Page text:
Hi! It’s Annie!
I’ve been watching and reading a lot of content lately that involves the love triangle trope and, after thinking about it a little, I thought that this trope deserves an entire post. Not only is this one of the most common tropes in media right now, but it’s also one of my least favorite tropes. And that’s not to say that I dislike every show or book that has a love triangle! Unfortunately I usually find love triangles to be largely unneeded, unrealistic, and not well executed. But every once in a while I’ll see a love triangle that actually seems to make sense. I’ve found that there’s one pretty big difference between love triangles that I don’t mind so much and love triangles that are the reason why this is one of my least favorite tropes. So to make this fun, I’m going to use K-Dramas as an example for one and some of the books I’ve been recently into for the other! So here’s my post dedicated to everyone’s favorite, or least favorite, trope, the love triangle!
Bad Love Triangles:
Love triangles have been around forever, but if you mention the trope most people will probably think of ‘Twilight’ at some point. And though the fight between Edward and Jacob was very public, I actually don’t feel that this was a bad love triangle. For the main character, there wasn’t even really a choice there. For me, I’m not the biggest fan when characters are directly in between two characters and especially when it is completely unneeded to the plot. The biggest example I currently have of a bad love triangle is actually the recent sequel to a book I’ve reviewed on this blog. I absolutely love ‘Tokyo Ever After’ by Emiko Jean! It’s an amazingly adorable mix of ‘The Princess Diaries’ and ‘Crazy Rich Asians’ with a swoon worthy romance and a heartwarming coming of age twist. The book works perfectly as a one-off and even seems to wrap up completely at the end. I’ve been really hesitant to pick up the sequel that Jean released, ‘Tokyo Dreaming’, because I heard pretty early on that the book introduces another love interest and therefore, a love triangle. One of my immediate issues with this is that media, whether it be film, television, or books, seems to think that representing the growth of a healthy relationship is boring. If it isn’t the initial chase and the couple getting together, then a piece of media usually feels like they have to throw some other form of drama in rather than show the couple actually as a couple. This was a perfect example of that. The bodyguard-princess relationship in the first book was cute, but this book saw (MAJOR SPOILERS AHEAD) Akio breaking up with our main character and her falling for her tutor that she’s in a fake relationship with instead. At the end of the book Akio is suddenly back and claiming that he made a mistake.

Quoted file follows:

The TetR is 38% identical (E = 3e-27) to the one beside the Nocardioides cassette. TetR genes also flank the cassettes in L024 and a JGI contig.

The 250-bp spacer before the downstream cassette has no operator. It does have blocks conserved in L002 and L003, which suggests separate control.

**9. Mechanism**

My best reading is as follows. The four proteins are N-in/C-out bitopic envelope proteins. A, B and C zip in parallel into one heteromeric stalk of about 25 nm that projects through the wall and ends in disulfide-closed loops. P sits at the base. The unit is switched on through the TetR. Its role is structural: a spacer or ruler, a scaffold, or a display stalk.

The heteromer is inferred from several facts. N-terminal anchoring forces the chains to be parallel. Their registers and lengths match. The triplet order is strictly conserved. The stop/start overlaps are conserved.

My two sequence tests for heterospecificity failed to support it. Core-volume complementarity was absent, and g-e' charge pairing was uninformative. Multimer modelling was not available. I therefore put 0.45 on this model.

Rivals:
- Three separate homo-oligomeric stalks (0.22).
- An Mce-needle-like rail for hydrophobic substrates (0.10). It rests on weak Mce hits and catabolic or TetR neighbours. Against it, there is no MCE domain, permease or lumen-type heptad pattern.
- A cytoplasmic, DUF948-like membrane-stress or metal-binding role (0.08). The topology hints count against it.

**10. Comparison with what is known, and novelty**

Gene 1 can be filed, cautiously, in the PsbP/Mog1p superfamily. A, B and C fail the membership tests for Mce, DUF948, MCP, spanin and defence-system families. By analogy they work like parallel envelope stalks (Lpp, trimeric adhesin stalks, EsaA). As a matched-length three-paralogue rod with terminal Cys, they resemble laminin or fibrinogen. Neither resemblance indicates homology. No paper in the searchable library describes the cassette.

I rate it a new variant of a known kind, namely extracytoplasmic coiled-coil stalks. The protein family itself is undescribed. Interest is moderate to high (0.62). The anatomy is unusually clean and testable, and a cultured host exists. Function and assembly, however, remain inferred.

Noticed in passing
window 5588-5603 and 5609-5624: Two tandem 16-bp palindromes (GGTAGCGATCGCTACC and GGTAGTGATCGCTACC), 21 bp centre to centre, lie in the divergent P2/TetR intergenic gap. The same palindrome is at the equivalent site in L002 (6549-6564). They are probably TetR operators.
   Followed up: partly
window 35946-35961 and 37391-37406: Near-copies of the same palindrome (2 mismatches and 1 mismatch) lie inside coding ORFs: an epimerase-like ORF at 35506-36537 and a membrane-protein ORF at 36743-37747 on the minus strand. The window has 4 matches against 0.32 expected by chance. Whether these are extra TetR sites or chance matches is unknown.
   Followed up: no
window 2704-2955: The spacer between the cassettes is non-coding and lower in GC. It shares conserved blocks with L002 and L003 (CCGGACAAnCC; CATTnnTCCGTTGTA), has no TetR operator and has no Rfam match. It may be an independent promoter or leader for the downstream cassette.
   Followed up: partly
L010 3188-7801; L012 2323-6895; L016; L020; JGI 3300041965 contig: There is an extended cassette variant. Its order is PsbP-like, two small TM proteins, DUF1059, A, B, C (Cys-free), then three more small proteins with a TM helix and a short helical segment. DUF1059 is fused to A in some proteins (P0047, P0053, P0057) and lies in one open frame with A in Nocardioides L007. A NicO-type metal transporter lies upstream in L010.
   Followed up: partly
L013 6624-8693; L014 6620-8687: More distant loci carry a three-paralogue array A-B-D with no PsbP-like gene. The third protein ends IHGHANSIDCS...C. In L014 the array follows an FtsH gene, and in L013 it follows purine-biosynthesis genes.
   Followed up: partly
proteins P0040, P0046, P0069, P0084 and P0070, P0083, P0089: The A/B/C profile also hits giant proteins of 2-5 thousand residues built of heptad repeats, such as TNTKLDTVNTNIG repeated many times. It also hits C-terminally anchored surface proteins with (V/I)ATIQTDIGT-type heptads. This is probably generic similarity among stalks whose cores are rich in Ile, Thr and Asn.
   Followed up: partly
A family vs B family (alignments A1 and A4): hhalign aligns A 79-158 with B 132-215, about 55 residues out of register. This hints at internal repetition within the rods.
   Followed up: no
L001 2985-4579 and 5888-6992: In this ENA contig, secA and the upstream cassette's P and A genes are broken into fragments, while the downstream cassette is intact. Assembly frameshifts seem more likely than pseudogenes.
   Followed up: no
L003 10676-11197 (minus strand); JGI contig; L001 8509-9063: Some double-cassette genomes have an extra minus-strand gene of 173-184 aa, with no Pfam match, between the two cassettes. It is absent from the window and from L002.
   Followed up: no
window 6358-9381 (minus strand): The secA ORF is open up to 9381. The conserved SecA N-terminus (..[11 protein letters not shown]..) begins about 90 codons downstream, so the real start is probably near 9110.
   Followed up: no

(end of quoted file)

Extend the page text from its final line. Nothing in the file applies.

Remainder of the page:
I know a lot of people like Eriku, the sweet tutor from this book, but I personally thought that Eriku lacked some depth. I felt we were told more about Eriku than we saw him actually do anything. But that aside, the romance also didn’t have the chemistry from the first book. This sequel book claims to be more about the main character finding herself, but I couldn’t see how a love triangle helped with this agenda. Especially because Akio comes back in the end and she chooses him anyway. I’m always a sucker for a sweet second lead (a point I’ll get to in a second), but this time I just missed Akio and his relationship with Izumi from the previous book. This could have easily been Izumi navigating her relationship with Akio while figuring out what she wanted to do, but it seemed like the author didn’t feel navigating a new relationship was dramatic enough. Which I would strongly disagree with. And at the end of the book when she was choosing between her two love interests, it felt less like her figuring out more about herself and more like an odd unrealistic stretch to a story about suddenly becoming a princess. As usual, I found this to be one of those love triangles that are completely unneeded and just another reason to throw drama at the main couple. I would, personally, rather just see the main couple be a couple.
Good Love Triangles: